Minneapolis / Saint Paul / Twin Cities urban exploration

 Cambridge State Hospital
 Abandoned Buildings &
Steam Tunnel System


We went to the Cambridge Mental Institute without any idea of its history. Had we known more of it at the time, the trip probably would have been a lot cooler, but oh well. On 10/25/01 (a little more than a year after we were there) the Star Tribune provided us with some info about the Cambridge State Hospital. Here are the passages describing the hospital when it was still in use:

"The squad car sped into Isanti County. It was headed to a place just as forbidding, a destination often spoken of in tones of horror - Cambridge State Hospital. Imposing, overcrowded brick buildings held thousands of mentally retarded men, women, and children. This was a place where cribs were turned into cages and people were forced into restraints or seclusion or tranquilized so heavily they wandered in stupors."

In 1972, a Richard Welsch sued the state of MN over the treatment his daughter was receiving at the "herd care" oriented Cambridge State Hospital. This was the lawsuit which set in motion the closing of all Minnesota's state-run hospitals for the mentally retarded. By 1990, the state had decided to close all its mental institutions before the year 2000.

This, of course, led to the closing of the nightmarish Cambridge Mental Hospital, which in turn led to Action Squad's being able to explore the buildings that the insane had been caged in, as well as the network of tunnels that ran beneath the entire complex.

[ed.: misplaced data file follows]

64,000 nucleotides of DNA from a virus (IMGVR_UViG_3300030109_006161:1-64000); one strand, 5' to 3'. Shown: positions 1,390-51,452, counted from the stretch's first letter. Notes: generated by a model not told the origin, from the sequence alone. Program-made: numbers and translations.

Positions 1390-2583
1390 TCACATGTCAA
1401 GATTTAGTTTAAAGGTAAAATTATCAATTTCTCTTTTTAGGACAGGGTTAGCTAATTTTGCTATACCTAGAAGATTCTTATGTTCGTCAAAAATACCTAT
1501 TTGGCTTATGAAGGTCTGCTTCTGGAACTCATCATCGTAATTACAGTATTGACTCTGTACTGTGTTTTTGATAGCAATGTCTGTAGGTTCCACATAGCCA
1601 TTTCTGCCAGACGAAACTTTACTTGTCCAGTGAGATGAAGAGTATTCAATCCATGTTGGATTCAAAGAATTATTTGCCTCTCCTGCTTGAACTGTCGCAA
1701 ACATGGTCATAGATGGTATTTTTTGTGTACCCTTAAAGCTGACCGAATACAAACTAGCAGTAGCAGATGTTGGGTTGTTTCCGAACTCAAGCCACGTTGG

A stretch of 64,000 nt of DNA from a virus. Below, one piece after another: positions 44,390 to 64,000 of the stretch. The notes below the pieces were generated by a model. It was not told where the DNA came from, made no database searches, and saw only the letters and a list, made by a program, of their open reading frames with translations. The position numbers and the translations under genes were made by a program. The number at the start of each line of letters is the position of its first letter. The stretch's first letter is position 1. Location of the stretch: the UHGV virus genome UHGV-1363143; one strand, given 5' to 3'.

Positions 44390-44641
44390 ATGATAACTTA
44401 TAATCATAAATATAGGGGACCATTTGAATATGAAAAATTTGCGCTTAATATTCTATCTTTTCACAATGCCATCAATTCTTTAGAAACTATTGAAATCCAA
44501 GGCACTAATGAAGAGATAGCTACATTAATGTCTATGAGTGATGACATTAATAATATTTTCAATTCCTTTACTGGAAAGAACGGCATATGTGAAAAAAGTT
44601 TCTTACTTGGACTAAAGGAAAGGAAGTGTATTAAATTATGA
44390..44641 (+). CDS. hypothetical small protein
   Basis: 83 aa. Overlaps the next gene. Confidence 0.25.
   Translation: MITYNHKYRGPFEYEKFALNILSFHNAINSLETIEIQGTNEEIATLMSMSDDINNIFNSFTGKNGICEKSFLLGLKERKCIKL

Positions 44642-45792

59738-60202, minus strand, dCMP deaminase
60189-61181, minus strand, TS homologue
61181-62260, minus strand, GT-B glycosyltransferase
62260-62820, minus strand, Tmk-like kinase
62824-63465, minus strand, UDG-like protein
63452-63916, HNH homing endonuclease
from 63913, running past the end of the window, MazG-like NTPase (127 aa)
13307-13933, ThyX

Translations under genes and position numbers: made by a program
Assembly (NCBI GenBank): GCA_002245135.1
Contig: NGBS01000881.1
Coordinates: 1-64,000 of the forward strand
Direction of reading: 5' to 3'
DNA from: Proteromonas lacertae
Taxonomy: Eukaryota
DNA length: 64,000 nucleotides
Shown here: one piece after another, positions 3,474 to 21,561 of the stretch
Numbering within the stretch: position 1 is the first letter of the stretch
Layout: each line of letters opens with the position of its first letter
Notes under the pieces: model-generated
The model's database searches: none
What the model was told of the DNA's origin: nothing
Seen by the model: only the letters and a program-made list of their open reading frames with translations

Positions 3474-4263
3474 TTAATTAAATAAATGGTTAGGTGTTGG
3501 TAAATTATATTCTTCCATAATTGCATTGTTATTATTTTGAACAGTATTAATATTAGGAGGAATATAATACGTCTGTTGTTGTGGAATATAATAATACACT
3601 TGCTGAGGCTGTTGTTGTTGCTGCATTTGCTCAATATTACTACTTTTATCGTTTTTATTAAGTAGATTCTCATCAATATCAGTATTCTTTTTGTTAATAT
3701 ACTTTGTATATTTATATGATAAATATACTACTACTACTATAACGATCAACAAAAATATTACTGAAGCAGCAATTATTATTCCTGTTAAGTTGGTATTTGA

Trip #1
Tuesday, October 17th, 2000
Members: Max Action and the Texas Kidd


1924 map of the
Cambridge Mental Institution


     I was at a party after the Fear concert when I first heard about the Cambridge mental institute.  ‘Texas,’ who I had met at the show, had heard about them from a friend who had lived out that way but had always been too afraid (of mentally ill ghosts?) to do more than stare from a distance.

Apparently, a mental institute out that way had been abandoned for years, and was rumored to have tunnels beneath it that went all over beneath the entire city.  While it
seemed pretty obvious that the “all over the city” part was almost certainly false, it still sounded like a good thing to check out.

It was past 2 am, we weren’t geared up (in fact, I was wearing some very silly, very impractical tight black leather pants at the time), and Cambridge was over an hour away.  But there was no way we were going to wuss out, so by about 3:30 AM we were geared up and on the road to Cambridge, Minnesota.